The ABC in particular has been gunning for the ILE for two years, since it conducted a survey in 2001 of “project labor agreements” (or PLAs)–arrangements in which wages, benefits and union status are hammered out before work begins on major construction projects. The ILE published its findings in a working paper. This sounds pretty innocuous, but PLAs are a big roadblock to the growth of nonunion construction. Builders are so incensed about them, and so powerful, that the agreements were actually banned by President Bush as one of his first acts in office (facing Congressional opposition, he later allowed agreements for then-current projects to continue, but prohibited PLAs on new federal projects).
Labor studies programs around the country are watching what is happening to the ILE in California with trepidation. Conservative foundations have been orchestrating a national attack on labor studies. If the opponents of the ILE prevail, activist-oriented programs in Massachusetts, Michigan, Missouri and other states will be next on the right-wing hit list.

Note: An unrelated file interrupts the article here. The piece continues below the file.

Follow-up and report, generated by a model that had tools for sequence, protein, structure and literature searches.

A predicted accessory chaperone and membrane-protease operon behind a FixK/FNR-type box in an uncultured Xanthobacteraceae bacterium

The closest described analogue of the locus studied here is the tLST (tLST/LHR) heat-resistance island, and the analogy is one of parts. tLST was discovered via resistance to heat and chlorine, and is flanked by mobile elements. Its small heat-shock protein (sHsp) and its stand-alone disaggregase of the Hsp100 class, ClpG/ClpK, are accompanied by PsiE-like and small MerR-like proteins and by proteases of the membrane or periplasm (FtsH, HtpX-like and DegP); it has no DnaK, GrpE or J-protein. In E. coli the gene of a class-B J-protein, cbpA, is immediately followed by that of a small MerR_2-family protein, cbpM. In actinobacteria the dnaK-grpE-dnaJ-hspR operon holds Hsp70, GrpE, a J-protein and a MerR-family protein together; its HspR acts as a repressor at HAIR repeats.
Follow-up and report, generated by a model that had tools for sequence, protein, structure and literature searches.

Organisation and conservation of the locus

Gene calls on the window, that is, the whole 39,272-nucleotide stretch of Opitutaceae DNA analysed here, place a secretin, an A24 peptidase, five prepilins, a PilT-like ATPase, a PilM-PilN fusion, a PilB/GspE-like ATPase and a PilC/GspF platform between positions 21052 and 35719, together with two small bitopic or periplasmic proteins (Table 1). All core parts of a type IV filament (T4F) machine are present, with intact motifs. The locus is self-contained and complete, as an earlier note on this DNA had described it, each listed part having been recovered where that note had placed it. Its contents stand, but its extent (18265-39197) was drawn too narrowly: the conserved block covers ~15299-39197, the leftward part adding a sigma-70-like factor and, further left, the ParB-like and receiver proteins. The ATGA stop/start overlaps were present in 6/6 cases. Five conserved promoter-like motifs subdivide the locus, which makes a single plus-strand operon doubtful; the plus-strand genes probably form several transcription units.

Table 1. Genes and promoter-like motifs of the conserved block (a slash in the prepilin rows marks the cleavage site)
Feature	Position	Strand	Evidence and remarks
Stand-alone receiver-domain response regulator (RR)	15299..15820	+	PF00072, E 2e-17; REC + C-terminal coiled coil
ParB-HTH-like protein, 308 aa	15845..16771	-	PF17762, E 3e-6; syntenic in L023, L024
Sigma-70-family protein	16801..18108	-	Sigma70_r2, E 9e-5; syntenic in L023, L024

The controversy raises a fundamental question about labor rights–should joining a union be protected and encouraged by law and public policy, or are unions just a narrow private interest? At the beginning of the builders’ campaign in California, Steve Friar, executive director of the San Diego-Imperial County Coalition for Fair Employment in Construction, wrote an op-ed in Riverside’s North County Times in which he asked,”Unions are private organizations, so why are taxpayers required to cough up money for union propaganda to be filtered throughout the state?” Well, because encouraging collective bargaining has been public policy since 1936. Besides, the same university spends many times that tax money promoting the goals of another private institution–business.